Quips and Picks from the Trainers Dinner

The annual Kentucky Derby Trainers Dinner, put on by the Kentucky Thoroughbred Owners and Breeders and the Kentucky Thoroughbred Association on April 29, produced their annual outspoken comments by the trainers of horses for Saturday's Run for the Roses. Following are the tongue-in-cheek comments from the conditioners:

Bobby Frankel, trainer of Derby favorite Empire Maker and Peace Rules:
On Empire Maker's well-documented foot bruise:
"We'll know Thursday for sure. If he's not 100%, we won't run him, but I have confidence he's going to be all right. We took him out and jogged him this afternoon and he looked 100%."
On Peace Rules:
"He's a really nice horse, a very honest horse. He's the type of horse that if he gets in front he waits on horses, but when you get to him, he's really tough. He's easy to get to, but he might be a little tough to get by."
On potentially winning the Derby:
"It would mean everything to be honest with you. I've done a lot in this business and to win the biggest race in America, that would be the pinnacle."

Bob Baffert, trainer of Indian Express:
"If it wasn't for Laffit Pincay, who just actually retired today I heard, he's the one who found this horse for me, so I have to give him all the credit. It's unfortunate; it would have been his mount. I was talking to him a couple of days ago and I wanted to know if he was going to be ready for the Belmont because things were looking good.
"He (Indian Express) reminds me of Silver Charm the way he ran in the Santa Anita Derby in that he chased a really fast pace."

Jeff Mullins, trainer of the gelding Buddy Gil:
"He's a gelding not a horse. I asked the vet (after a scoping) if he couldn't see a little set of testicles back there. He's got heart; I know he's got one of those.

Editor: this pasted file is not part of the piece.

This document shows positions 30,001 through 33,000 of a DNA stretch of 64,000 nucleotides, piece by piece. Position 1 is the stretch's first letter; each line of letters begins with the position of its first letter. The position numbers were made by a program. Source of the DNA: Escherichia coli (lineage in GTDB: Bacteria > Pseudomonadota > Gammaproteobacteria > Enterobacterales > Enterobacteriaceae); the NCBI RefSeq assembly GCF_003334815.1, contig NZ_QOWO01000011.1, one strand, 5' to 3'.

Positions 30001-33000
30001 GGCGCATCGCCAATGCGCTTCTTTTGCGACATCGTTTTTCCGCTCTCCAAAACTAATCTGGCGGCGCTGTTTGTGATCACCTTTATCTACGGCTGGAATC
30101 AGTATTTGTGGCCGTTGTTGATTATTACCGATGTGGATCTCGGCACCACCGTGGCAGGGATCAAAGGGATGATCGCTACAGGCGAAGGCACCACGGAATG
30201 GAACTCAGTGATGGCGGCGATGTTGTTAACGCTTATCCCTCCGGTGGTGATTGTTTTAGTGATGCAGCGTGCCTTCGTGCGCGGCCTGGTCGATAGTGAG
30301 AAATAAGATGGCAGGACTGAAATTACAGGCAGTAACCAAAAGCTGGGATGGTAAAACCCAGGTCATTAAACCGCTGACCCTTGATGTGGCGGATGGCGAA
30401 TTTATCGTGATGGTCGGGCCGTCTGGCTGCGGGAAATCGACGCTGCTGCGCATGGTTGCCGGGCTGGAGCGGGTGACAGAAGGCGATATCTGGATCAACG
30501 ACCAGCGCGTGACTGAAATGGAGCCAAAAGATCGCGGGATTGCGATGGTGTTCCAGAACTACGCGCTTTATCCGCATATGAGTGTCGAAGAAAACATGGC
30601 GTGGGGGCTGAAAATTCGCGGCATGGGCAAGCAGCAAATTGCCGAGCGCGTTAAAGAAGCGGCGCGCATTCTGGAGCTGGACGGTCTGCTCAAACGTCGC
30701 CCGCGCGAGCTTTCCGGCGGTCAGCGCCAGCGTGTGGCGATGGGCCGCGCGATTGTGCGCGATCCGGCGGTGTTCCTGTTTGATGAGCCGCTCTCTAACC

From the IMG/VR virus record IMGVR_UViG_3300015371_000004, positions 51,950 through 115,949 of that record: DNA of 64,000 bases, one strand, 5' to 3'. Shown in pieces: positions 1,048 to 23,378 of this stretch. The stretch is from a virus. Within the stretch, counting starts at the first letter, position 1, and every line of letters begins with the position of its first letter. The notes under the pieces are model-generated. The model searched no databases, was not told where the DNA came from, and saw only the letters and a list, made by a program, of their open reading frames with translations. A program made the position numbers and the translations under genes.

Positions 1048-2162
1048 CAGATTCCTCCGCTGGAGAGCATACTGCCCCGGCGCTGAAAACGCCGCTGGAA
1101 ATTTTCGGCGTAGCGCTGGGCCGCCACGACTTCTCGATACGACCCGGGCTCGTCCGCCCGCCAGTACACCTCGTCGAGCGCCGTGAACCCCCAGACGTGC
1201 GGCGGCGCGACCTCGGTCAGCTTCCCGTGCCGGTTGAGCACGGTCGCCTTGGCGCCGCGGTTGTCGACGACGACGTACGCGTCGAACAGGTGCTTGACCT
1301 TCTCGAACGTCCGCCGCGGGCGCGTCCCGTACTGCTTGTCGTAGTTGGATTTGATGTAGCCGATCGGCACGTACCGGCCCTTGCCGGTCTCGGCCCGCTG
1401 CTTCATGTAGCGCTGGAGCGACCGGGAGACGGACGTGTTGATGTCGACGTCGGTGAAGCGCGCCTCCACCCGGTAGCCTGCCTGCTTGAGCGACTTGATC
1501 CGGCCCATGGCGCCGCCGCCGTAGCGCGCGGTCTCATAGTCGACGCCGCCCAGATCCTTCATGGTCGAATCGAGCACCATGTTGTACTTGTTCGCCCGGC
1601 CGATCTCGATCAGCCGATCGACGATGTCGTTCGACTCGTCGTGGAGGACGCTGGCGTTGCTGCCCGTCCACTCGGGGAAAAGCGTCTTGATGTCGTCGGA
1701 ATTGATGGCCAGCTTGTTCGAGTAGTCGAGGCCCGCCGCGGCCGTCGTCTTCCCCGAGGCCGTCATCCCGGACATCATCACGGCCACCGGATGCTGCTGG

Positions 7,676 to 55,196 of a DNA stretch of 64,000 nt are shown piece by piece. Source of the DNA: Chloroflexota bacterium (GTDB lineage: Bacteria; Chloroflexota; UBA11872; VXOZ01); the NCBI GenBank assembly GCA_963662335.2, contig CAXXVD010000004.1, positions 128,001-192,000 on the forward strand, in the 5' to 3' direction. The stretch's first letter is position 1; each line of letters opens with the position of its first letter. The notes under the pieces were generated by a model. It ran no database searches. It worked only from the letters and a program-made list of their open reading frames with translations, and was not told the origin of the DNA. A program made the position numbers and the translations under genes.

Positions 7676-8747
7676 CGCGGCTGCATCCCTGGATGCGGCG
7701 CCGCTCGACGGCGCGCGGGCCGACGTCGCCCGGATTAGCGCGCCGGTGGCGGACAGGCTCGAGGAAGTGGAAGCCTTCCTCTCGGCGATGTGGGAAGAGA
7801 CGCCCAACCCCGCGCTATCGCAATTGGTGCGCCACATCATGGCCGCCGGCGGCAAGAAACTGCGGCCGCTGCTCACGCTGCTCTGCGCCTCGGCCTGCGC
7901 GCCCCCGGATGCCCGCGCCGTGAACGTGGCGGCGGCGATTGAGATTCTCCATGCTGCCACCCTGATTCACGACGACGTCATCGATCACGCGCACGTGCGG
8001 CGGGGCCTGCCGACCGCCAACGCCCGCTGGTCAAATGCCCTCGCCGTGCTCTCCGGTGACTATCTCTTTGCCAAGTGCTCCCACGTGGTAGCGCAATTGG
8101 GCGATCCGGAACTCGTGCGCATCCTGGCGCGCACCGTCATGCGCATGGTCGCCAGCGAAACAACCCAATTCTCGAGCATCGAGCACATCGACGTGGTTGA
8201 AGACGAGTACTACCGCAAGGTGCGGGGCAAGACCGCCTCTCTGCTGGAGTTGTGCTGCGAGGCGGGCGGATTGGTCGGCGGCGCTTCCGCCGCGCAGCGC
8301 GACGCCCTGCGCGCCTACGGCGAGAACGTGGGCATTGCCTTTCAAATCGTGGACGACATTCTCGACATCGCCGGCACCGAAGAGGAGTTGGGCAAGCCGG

"I was here last year (with Lusty Latin) and it was a tuition for me, this year it's a pleasure. I really feel lucky to be here.
"I think a horse is going to run as far as he can. If you give him good, steady training he's going to get the distance."

Tom Amoss, trainer of Lone Star Sky:
"He trains very well on this track. If he's to run a successful race he's going to have to close along the outside as opposed to being down on the rail. Don't tell anybody. It's just between us, okay?
"It's hard not to get caught up in the excitement of the whole thing. Secretariat's my favorite horse. When I was 12, 13 years old he won the Triple Crown. He was one of my heroes as was Steve Cauthen when I got a little older. It's hard not to recognize just how special the first Saturday in May is. For a long time I've dreamed of winning the Kentucky Derby. It's going to be difficult over the next four days not to have those daydreams I used to have in high school in Latin class when I couldn't concentrate on what was being said."

Ron Ellis, trainer of Atswhatimtalknbout:
"I was so disappointed last time (in the Santa Anita Derby) and I don't think anybody was more disappointed than (jockey) David Flores. He really thought this was a special horse as we all did. That race was a little bump in the road, the first one we'd received all winter. We're hoping he'll bounce back and get the chance to show just how good he really is."